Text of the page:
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[sen-ser-ship] /ˈsɛn sərˌʃɪp/
the act or practice of censoring.
the office or power of a censor.
the time during which a censor holds office.
the inhibiting and distorting activity of the Freudian censor.
Origin of censorship
1585-95; censor + -ship
Related forms
anticensorship, adjective
precensorship, noun
procensorship, adjective
self-censorship, noun Unabridged
Based on the Random House Dictionary, © Random House, Inc. 2015.
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Examples from the web for censorship
  • But it has also proved a breeding ground for fraud and a target of censorship.
  • History tells us that they were twice consuls together, and colleagues in the censorship.
  • In truth, the censorship had scarcely put any restraint on licentiousness or profaneness.
  • But program content and censorship are less important with this age group than with older children, as they don't understand.
  • Apparently the asymmetrical standard is that anything else other the lies offered is evidence of censorship.
  • Imagine someone from the right side of the political spectrum advocating censorship.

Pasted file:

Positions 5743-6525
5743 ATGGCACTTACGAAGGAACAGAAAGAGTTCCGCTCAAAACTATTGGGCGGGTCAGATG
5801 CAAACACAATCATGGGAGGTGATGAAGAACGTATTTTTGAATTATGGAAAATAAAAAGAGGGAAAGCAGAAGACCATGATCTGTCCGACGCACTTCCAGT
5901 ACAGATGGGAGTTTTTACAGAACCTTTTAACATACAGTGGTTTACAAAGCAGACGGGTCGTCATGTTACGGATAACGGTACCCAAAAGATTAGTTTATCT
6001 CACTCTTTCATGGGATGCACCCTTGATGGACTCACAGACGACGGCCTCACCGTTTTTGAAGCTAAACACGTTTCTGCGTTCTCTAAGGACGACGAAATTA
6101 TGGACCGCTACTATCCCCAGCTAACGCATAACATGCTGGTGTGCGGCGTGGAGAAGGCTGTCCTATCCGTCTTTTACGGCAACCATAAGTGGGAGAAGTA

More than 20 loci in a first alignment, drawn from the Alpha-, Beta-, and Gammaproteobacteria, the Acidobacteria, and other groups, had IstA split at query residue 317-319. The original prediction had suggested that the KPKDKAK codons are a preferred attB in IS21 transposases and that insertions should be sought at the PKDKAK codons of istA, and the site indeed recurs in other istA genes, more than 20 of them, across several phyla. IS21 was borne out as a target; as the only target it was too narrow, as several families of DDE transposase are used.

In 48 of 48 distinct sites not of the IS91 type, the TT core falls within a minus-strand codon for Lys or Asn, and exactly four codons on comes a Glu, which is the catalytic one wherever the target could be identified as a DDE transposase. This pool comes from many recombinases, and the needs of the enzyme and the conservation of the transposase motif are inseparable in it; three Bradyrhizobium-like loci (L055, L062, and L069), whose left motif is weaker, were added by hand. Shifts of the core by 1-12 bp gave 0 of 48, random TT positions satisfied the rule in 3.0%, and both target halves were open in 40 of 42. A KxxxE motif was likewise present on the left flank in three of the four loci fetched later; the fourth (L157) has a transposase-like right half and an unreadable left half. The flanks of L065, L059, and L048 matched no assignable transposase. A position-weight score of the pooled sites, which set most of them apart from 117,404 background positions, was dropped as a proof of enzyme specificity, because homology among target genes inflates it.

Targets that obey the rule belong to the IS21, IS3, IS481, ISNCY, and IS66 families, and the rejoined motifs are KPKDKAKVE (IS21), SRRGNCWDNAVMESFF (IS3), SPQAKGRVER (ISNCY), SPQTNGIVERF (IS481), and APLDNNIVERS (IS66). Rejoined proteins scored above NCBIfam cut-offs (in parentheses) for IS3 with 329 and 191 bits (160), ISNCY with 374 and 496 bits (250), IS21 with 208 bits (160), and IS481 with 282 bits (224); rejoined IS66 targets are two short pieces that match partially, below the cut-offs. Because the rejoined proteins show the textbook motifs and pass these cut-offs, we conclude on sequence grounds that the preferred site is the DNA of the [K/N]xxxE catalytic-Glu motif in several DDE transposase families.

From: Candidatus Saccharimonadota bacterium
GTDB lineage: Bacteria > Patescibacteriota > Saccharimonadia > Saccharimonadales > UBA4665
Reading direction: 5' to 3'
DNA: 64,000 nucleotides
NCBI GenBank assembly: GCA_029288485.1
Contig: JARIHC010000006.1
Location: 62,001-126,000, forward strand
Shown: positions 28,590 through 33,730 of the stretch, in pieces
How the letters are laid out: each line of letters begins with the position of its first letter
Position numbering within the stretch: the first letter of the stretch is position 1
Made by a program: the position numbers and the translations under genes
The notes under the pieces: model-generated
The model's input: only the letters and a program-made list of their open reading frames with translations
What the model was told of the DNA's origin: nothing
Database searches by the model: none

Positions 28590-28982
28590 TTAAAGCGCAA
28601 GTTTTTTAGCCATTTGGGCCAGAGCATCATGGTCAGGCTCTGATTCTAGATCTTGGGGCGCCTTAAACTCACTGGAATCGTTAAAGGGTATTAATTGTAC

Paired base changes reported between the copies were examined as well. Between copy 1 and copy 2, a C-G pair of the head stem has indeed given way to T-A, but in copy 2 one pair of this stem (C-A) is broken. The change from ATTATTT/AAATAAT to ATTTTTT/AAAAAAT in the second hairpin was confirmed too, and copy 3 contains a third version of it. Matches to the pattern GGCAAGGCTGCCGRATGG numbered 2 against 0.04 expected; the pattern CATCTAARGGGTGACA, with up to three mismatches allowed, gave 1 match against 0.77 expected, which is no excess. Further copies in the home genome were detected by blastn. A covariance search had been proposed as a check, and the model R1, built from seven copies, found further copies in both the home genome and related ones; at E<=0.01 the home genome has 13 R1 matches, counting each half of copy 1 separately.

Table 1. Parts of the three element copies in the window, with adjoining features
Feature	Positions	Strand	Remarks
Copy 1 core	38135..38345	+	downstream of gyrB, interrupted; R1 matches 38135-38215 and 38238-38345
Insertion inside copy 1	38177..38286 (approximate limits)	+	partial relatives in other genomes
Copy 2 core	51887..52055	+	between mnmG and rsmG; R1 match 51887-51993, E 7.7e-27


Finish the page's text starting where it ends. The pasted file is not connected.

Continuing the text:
• The government closed borders, banned driving, reinforced censorship and reinstated a six-day workweek.
  • Mining the data set can yield insights into the effects of censorship and propaganda.
  • It then warns against both self-censorship and politicized collegial evaluation.
  • The best remedy for vile speech is better speech not censorship.
British Dictionary definitions for censorship


a policy or programme of censoring
the act or system of censoring
(psychoanal) the activity of the mind in regulating impulses, etc, from the unconscious so that they are modified before reaching the conscious mind
Collins English Dictionary - Complete & Unabridged 2012 Digital Edition
© William Collins Sons & Co. Ltd. 1979, 1986 © HarperCollins
Publishers 1998, 2000, 2003, 2005, 2006, 2007, 2009, 2012
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Word Origin and History for censorship

1590s, "office of a censor," from censor (n.) + -ship. Meaning "action of censoring" is from 1824.

Online Etymology Dictionary, © 2010 Douglas Harper
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